This week, on the central bank front, the Bank of Japan (BoJ) dominates proceedings (Sept 18). However, recent domestic data remains mixed – Q2 GDP was revised upward while monthly core-machine orders rebounded from June’s decline and PPI edged downward – and certainlgly disappointing news to Governor Kuroda’s inflation fight.

On tap: AUD monetary policy minutes (Sept 17), BoJ rate announcement (Sept 18), U.K CPI and NZD GDP (Sept 19), SNB monetary policy decision & U.K retail sales, CAD retail sales (Sept 21)

1. Stocks see mostly red

The Nikkei 225 was closed for a bank holiday.

Down-under, Aussie stocks were the best performer in the region, as other Asia-Pacific indexes struggled with Sino-U.S trade worries. The ASX 200 rose +0.3% as energy and financial stocks logged solid gains and telecom rallied +1.5%. The negatives were elder care providers due to a planned government probe into the sector. In S. Korea, the Kospi closed down -0.66% on global trade worries.

Stocks in Hong Kong finished lower while China’s main Shanghai Composite index fell to its lowest close in four-years overnight on fears that Washington is expected to unveil new tariffs on imported Chinese goods this week.

In Hong Kong, the Hang Seng index ended -1.3% lower, while the China Enterprises index closed down -1.1%. In China, the Shanghai Composite index dropped -1.1%, while the blue-chip CSI300 index also declined -1.1%.

In Europe, regional bourses reverse earlier losses to trade mostly unchanged after weakness in Asia.

U.S stocks are set to open in the ‘red’ (-0.1%)

Indices: Stoxx50 +0.1% at 3,348, FTSE -0.2% at 7,291, DAX -0.2% at 12,100, CAC-40 flat at 5,351; IBEX-35 +0.6% at 9,417, FTSE MIB +0.7% at 21,019, SMI -0.3% at 8,936, S&P 500 Futures -0.1%

2. Oil higher as U.S Iran sanctions raise supply concerns, gold higher

Oil prices remain better bid as the market focuses on the potential impact of U.S sanctions on Iran despite promises by Washington that the Saudis, Russia and the U.S could together raise output fast enough to offset falling supplies.

Brent crude oil is up +45c a barrel at +$78.54, while U.S light crude (WTI) is up +43c at +$69.44.

Note: Washington aims to cut Iran oil exports to force Tehran to re-negotiate a nuclear deal. Iran exports have declined by -580k bpd in the past 90-days.

On Friday, U.S Energy Secretary Rick Perry said that he did not expect any price spikes and that the world’s top three oil producers could raise global output in the next 18-months.

Also capping oil prices, U.S drillers added two oilrigs in the week to Sep. 1, bringing the total count up to 749 according to Baker Hughes energy services.

Note: A Joint Technical Committee of OPEC and non-OPEC producers are due to meet today to coordinate production.

Ahead of the U.S open, gold prices have inched a tad higher as speculators look for short-term gains, amid increasing Sino-U.S trade tensions and prospects of further Fed interest rate hikes. Spot gold is up +0.2% at +$1,195.83 an ounce, after falling -0.6% on Friday when it marked its third straight weekly decline. U.S gold futures are down -0.1% at +$1,199.80.

3. Sweden’s Riksbank ready to hike despite low inflation

This morning minutes from Sweden’s Riksbank suggests that the board has become more tolerant of downside surprises to inflation and that it is now ready to hike rates before core-inflation has returned all the way to target.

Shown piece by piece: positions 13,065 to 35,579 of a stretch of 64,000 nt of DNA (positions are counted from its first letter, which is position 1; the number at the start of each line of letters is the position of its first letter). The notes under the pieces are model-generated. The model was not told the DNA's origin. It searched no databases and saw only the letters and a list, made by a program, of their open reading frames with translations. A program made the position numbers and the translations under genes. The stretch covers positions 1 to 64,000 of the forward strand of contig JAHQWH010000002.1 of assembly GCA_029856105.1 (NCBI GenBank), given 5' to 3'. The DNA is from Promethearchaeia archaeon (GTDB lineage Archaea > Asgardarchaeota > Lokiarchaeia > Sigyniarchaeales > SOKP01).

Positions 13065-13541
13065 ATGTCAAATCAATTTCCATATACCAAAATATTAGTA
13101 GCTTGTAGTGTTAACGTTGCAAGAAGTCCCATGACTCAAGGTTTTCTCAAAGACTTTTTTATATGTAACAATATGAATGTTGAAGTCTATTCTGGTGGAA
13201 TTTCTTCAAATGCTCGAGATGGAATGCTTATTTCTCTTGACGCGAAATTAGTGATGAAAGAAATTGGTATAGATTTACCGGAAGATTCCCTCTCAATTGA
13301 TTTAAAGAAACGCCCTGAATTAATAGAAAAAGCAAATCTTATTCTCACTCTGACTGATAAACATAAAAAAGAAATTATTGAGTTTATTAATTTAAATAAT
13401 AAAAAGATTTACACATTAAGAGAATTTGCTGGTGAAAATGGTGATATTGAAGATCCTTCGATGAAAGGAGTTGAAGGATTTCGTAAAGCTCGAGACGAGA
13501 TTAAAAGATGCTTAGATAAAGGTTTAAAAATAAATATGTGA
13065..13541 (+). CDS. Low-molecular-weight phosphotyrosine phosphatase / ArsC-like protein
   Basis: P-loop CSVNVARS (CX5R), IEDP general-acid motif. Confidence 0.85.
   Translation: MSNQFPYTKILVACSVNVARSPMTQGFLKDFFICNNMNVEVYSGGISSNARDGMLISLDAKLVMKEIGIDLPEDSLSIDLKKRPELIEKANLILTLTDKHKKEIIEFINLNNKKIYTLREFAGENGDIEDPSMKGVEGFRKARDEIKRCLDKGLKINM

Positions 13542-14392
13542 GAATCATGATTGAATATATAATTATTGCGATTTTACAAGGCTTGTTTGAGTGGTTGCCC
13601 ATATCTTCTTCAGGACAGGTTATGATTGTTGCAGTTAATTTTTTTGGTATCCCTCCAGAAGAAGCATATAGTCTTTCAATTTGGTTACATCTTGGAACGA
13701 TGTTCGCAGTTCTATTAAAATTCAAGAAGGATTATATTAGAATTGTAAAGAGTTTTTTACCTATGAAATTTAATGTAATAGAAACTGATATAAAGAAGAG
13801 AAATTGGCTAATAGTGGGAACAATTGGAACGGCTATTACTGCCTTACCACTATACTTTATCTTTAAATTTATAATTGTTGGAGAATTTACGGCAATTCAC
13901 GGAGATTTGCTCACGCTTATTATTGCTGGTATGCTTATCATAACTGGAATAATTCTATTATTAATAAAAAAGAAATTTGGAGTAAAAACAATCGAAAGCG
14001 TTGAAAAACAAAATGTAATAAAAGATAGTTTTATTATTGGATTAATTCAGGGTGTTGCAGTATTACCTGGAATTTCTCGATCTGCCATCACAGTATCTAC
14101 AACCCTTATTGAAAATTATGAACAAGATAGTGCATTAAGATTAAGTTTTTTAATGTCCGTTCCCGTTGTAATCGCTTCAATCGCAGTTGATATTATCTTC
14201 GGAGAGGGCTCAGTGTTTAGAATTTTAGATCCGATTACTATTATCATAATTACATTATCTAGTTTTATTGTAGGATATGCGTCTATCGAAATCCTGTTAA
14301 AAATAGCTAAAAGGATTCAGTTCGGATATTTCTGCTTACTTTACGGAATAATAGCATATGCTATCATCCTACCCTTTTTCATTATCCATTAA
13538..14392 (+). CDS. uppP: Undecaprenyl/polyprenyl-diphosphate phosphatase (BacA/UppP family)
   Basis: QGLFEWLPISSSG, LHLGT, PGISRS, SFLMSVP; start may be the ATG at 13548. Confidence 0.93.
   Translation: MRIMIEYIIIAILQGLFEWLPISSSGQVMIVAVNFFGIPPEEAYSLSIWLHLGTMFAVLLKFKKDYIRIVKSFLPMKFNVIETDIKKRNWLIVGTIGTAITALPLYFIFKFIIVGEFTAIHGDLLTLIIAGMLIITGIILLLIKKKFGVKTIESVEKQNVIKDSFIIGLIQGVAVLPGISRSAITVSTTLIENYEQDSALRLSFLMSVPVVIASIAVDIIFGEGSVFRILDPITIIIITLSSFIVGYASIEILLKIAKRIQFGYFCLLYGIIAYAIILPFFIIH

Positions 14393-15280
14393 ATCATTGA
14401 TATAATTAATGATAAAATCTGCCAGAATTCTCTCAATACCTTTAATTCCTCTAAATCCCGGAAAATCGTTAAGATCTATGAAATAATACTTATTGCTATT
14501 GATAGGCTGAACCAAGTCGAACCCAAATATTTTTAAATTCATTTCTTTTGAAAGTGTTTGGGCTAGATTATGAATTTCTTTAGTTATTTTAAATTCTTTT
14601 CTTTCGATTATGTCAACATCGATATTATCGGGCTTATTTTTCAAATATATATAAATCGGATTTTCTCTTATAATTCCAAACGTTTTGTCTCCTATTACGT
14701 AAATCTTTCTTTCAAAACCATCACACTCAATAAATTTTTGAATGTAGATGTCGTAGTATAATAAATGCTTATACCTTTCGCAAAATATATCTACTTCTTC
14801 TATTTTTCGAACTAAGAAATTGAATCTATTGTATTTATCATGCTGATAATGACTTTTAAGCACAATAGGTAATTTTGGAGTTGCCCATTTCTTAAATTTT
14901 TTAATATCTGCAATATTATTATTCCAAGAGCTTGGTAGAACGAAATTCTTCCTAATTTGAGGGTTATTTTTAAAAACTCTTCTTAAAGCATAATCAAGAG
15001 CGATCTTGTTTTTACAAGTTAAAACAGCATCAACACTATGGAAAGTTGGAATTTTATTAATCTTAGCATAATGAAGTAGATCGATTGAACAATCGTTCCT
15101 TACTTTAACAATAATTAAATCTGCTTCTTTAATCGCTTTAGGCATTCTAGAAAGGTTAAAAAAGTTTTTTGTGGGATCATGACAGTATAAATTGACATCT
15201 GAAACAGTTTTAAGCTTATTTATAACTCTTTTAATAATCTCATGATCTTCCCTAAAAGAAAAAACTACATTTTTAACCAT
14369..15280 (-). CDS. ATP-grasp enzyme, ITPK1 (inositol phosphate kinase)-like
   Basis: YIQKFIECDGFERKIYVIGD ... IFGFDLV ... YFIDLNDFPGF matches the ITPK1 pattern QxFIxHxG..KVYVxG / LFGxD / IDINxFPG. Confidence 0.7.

Board members indicated that inflation expectations are “firmly anchored at the target, indicating that this is sufficient to start a very gradual tightening of the currently very expansionary monetary policy.” The bond market is pricing in a +25 bps hike in early Q1, 2019. The SEK is rallying, with EUR/SEK down -0.4% at €10.4774.

Elsewhere, the yield on U.S 10’s has fallen -1 bps to +2.99%. In Germany, the 10-year Bund yield is unchanged at +0.45%, while in the U.K, the 10-year Gilt yield has rallied less than -1 bps to +1.53%. The spread of Italy’s 10-year BTP’s over Bunds has narrowed -8 bps.

4. Sterling rallies on Irish border hopes

GBP (£1.3095) trades atop of the psychological £1.31 handle on optimism of progress on the Irish border question ahead of this week’s E.U summit.

E.U chief negotiator Michel Barnier is supposedly working on a plan to minimise physical checks at the Irish border by tracking goods using barcodes on shipping containers.

Note: The first of three Brexit summits will be held on Thursday, and E.U leaders hope a deal can be struck within the next two months.

EUR/USD (€1.1636) little changed. The ‘big’ dollar is expected to remain contained this week due to the absence of Tier 1 U.S data releases, while EUR gains may be capped on ongoing Italian concerns.

Emerging market currency’s trade under pressure once again on tariffs threats, with the USD/TRY over +1.6% ($6.2554) higher, while the USD/INR is +0.8% higher as the Reserve Bank of India (RBI) plans over the weekend to curb INR’s fall fail to lift the rupee.

5. Annual inflation down to +2.0% in the euro area

Data this morning from Eurostat showed that the euro area (19 members) annual inflation rate was +2.0% in August, down from +2.1% in July. A year earlier, the rate was +1.5%.

For the European Union (28 members) annual inflation was +2.1% in August, down from +2.2% in July. A year earlier, the rate was +1.7%.

Digging deeper, the lowest annual rates were registered in Denmark (+0.8%), Ireland and Greece (both +0.9%). The highest annual rates were recorded in Romania (+4.7%), Bulgaria (+3.7%), Estonia (+3.5%) and Hungary (+3.4%).